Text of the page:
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Est. 2014

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Op-ed: Government transparency fails

Op-ed: Government transparency fails

Yesterday it was reported that Rochester was named the nation’s Best City for Women in the Workforce. That same day Mayor Ardell Brede announced, and the city council approved, the Heart of the City committee, a hand picked, 14 member group tasked with defining Rochester’s future. The group includes four women or just 28 percent of the committee membership. The full list of 95-some applicants that was just released shows that 47 percent of the applicants were women. This list of names, submitted last second by the mayor and approved by the council in a rushed vote, is just the start of the transparency issues that I believe are doing a huge disservice to the people of Rochester.

At Monday's Committee of the Whole (COW) council meeting, a packed crowd deeply interested in Rochester’s future waited in cramped, stuffy room 104 for two hours — despite the availability of the spacious, nearby main council chamber where meetings can be televised and live streamed. Then they skipped the last item on their agenda (Chateau Theater Historic Preservation RFP) and went to their regular dinner meeting.

To add insult to discomfort, the council said later it had reached consensus on the Chateau RFP at the dinner meeting. A meeting where there is no public agenda, no public record and no public input. How did the council arrive at a decision? You will never know.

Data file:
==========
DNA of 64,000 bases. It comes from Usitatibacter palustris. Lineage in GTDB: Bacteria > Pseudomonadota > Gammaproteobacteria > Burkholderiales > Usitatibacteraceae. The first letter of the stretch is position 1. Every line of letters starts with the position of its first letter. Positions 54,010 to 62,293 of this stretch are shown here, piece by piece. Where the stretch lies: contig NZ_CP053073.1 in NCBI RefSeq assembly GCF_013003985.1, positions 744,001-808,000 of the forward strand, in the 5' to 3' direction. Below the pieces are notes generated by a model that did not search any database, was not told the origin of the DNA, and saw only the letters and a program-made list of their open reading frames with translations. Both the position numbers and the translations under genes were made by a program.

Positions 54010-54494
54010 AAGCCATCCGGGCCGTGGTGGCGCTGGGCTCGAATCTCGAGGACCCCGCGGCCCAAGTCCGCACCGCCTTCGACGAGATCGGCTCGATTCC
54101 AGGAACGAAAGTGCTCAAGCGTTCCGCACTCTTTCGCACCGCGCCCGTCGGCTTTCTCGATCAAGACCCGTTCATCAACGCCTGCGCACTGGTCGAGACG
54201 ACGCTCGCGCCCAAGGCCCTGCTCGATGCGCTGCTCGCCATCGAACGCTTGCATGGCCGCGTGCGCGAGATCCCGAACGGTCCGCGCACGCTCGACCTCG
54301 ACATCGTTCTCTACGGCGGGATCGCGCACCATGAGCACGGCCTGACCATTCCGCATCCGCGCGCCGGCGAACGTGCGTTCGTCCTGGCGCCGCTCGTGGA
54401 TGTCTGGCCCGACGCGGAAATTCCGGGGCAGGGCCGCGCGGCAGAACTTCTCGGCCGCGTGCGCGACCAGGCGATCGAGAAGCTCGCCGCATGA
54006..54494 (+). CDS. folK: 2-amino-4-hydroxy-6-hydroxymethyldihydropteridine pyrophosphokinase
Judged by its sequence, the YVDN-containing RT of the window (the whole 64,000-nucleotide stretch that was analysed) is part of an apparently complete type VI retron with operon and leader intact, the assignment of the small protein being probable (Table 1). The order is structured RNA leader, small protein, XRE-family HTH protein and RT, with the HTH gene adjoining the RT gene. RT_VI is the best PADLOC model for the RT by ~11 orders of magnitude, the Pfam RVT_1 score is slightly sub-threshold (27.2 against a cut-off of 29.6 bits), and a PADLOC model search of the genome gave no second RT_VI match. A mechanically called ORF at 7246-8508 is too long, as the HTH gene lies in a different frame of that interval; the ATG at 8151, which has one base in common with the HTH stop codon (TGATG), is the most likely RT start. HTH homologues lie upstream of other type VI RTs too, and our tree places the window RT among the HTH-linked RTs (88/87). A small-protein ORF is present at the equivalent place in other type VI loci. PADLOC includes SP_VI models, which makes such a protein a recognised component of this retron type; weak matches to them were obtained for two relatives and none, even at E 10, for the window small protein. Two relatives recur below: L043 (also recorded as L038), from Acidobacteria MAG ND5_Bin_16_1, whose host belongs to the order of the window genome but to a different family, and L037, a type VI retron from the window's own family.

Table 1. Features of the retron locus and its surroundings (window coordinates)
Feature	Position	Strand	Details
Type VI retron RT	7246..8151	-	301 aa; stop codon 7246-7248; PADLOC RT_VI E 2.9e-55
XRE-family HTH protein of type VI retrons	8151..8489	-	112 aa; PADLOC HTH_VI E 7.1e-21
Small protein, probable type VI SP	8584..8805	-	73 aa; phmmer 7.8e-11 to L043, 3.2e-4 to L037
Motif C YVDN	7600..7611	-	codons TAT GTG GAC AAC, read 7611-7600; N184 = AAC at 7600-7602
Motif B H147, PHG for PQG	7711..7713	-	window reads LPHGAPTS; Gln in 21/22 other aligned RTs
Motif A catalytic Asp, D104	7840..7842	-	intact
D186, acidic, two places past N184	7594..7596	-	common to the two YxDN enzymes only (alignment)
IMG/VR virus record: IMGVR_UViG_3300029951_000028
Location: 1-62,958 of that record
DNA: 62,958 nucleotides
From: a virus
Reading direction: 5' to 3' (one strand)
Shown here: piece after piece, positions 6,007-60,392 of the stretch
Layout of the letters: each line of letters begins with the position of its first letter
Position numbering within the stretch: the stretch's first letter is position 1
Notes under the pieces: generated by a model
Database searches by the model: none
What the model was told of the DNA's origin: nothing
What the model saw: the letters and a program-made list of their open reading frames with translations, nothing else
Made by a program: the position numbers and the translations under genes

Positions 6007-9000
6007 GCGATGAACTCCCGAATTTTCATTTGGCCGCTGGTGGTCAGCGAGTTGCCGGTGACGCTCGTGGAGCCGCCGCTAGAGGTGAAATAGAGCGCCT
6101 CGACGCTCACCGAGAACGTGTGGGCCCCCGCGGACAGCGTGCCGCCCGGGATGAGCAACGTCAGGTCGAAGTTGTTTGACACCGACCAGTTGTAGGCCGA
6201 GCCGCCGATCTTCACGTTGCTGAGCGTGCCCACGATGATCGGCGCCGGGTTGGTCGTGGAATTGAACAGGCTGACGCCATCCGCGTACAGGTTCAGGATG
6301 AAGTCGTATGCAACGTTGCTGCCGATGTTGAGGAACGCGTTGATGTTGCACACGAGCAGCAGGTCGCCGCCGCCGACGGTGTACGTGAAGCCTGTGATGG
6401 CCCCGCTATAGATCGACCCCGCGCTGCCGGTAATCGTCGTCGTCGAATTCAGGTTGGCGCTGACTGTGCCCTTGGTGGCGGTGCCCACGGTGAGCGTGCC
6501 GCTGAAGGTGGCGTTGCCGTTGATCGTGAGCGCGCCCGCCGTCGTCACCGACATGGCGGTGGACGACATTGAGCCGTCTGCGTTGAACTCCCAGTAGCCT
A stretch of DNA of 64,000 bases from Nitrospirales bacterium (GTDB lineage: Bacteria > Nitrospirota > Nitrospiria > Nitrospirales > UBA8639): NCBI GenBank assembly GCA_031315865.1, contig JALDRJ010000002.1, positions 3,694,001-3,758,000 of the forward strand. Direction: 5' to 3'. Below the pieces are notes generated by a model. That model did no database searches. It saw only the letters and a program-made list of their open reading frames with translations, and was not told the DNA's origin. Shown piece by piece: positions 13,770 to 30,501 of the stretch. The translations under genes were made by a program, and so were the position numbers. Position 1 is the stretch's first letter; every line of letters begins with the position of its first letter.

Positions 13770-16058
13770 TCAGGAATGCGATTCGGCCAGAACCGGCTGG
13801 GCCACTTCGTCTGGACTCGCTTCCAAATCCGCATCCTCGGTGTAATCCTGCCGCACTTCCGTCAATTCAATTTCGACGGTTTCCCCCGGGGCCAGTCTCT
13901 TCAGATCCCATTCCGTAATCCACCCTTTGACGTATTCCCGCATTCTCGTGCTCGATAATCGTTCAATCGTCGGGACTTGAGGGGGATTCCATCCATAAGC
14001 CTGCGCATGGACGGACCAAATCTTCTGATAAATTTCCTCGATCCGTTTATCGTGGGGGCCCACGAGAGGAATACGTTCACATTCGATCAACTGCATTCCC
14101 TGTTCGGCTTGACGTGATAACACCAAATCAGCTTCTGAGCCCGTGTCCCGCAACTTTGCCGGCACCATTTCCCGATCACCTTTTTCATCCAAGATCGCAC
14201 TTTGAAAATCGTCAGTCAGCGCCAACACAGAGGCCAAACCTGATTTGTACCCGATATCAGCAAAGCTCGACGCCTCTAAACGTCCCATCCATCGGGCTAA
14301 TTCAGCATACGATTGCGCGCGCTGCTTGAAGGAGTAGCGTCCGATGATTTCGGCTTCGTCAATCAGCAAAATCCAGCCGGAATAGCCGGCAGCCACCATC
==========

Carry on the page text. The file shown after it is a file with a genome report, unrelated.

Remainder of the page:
Just like you will never know how the City and DMC arrived at the 14 member Heart of the City committee. Most applicants I’ve talked to report only that they were emailed online forms from the DMC office and that those forms stipulated they describe themselves in 100 words or less. That was it. No calls. No further contact. Did selected member and Kahler Hotel Group owner Javon Bea only get 100 words? Did selected member and Maine Street Development Co. manager Tom Hexum only get 100 words? Or how about the Rochester Area Builder’s paid lobbyist? More than 90 people from all walks of Rochester applied to be on the committee.

In the end the committee is made up of many of the same old people from the real estate community and Mayo Clinic, but only a few that represent neighborhoods or the community at large. And you and I have no idea how these decisions were made, only that they were made by people very cozy with Rochester’s status quo. Our citizens who are willing to volunteer their time deserve better.

I pledge to stop the terrible tradition of opaque dinner meetings. I pledge to make sure that people who apply to be on a commission are interviewed and that the process for selection of the finalists is clear to the public. No more walked-on agenda items. No more commissions that don’t look like Rochester. We deserve better and we can do better.

Sean Allen is a candidate for city council president.

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